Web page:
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Whisky in space, methane-capturing coffee, conference disasters and more


By Hamish Johnston

Fancy a wee dram while you are orbiting the Earth? With the growing interest in space tourism, travellers could soon be enjoying a sip or two of whisky in space. To make such tipples as enjoyable as possible, the Scotch whisky maker Ballantine’s has developed a special “space glass” that works in the free-fall conditions of Earth orbit. The firm is also developing a special blend of whisky to be enjoyed in space.

Created by Ballantine’s master whisky blender Sandy Hyslop and James Parr from the Open Space Agency, the new glass was filled with Scotch and tested in free-fall at the ZARM drop tower in Bremen, Germany. You can find out more about how one’s palate changes in space and the challenges facing the glass designers in the above video. And if you want to know if the glass passed the free-fall test, there is a second video called “Space Glass Project: the microgravity test”.

While Russian cosmonauts have been known to enjoy the occasional tipple, booze is banned by NASA and coffee is the strongest drink enjoyed by American astronauts. Over on our sister site, Anna Demming explains how waste coffee grounds can be used to capture methane from the atmosphere. Methane is the principle component of the natural gas that we use for heating and is also a much more effective greenhouse gas than the carbon dioxide that is produced when it is burned. Therefore capturing methane and then using it for fuel would have a net environmental benefit. Coffee grounds also could offer a much safer way of storing methane than pressurized gas cylinders. The work was done by researchers in Korea and you can read all about it in “Coffee grounds capture carbon”.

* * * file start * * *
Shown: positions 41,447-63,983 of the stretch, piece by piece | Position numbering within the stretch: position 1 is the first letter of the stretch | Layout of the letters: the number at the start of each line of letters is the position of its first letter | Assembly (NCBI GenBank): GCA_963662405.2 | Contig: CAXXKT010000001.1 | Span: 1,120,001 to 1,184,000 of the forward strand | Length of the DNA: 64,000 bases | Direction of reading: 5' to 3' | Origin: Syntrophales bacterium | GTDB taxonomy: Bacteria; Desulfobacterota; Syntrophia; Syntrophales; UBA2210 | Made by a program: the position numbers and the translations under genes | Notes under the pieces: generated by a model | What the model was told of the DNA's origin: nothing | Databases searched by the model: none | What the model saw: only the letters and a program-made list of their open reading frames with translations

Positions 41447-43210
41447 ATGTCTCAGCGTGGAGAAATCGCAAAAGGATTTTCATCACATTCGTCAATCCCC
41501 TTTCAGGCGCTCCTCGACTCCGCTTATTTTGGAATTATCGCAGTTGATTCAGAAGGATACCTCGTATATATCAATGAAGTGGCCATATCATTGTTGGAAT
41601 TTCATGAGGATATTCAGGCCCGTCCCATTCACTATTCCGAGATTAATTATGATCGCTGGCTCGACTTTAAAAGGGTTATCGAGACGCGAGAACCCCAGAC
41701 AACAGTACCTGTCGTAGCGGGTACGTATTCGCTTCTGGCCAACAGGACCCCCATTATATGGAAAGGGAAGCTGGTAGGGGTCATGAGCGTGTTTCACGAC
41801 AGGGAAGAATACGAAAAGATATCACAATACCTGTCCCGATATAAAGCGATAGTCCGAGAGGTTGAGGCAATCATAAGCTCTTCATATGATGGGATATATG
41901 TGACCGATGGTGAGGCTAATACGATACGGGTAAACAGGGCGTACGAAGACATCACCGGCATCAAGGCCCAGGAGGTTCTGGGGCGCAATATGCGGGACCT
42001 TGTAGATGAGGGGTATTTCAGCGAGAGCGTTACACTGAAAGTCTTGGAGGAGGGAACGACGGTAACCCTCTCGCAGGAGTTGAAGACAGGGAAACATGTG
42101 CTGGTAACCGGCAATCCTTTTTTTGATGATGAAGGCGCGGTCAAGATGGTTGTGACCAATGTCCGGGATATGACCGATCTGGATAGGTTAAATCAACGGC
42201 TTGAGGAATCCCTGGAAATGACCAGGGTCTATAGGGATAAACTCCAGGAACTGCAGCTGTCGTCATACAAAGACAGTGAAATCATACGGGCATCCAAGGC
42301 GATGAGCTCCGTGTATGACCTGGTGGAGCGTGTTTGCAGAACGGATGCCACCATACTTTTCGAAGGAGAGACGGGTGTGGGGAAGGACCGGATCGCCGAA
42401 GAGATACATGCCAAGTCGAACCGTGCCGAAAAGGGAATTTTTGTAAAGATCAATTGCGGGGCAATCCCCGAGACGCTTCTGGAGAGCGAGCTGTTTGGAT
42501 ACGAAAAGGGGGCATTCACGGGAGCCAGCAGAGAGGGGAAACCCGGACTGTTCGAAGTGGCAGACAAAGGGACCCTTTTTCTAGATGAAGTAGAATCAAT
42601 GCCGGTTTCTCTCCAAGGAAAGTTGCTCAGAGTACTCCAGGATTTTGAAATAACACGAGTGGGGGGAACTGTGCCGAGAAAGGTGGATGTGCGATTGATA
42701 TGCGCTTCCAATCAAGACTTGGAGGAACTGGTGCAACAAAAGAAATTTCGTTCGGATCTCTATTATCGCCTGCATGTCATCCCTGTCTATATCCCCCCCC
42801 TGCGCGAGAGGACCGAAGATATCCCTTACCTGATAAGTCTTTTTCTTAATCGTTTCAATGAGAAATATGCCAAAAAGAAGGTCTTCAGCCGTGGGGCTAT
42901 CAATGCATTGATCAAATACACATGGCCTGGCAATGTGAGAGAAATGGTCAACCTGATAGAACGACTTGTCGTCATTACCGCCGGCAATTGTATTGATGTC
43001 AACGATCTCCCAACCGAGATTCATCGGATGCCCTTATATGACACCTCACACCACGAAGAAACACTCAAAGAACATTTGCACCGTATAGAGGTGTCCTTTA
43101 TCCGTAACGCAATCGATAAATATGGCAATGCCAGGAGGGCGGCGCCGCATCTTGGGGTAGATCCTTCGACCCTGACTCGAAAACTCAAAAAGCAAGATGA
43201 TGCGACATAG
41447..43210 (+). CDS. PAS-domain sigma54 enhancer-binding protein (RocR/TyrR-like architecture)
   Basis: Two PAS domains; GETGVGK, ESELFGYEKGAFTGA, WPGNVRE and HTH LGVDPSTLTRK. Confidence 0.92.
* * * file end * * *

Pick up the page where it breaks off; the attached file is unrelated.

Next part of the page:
Coffee and alcohol are consumed in equal measure at many scientific conferences, often to the detriment – and embarrassment – of some delegates. Over on the Guardian’s Occam’s Corner blog, the physicist Athene Donald lists several more pitfalls in “Eight common conference disasters: why you might be better off down the bar”.

Donald was also in the news today regarding a preview of a speech that she will give next week at the British Science Festival in Bradford. Speaking in her capacity as president of the British Science Association, she will say that toys often given to girls – such as dolls – reinforce the attitude that science is for boys and not for girls. Conversely, she believes that traditional toys for boys – such as Lego – foster an interest in science. Donald is quoted in the Independent as saying “We need to change the way we think about boys and girls and what’s appropriate for them from a very early age. Does the choice of toys matter? I believe it does.” You can read the entire article here: “Sexist toys stop girls choosing to study sciences at school, says top academic”.

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One comment to Whisky in space, methane-capturing coffee, conference disasters and more

  1. M. asghar

    The “space glass” should be good for any type of drink in space, and pushing it for only whisky is quite a bit off the mark, when you are orbiting around the Earth of hundreds of tastes and cultures.


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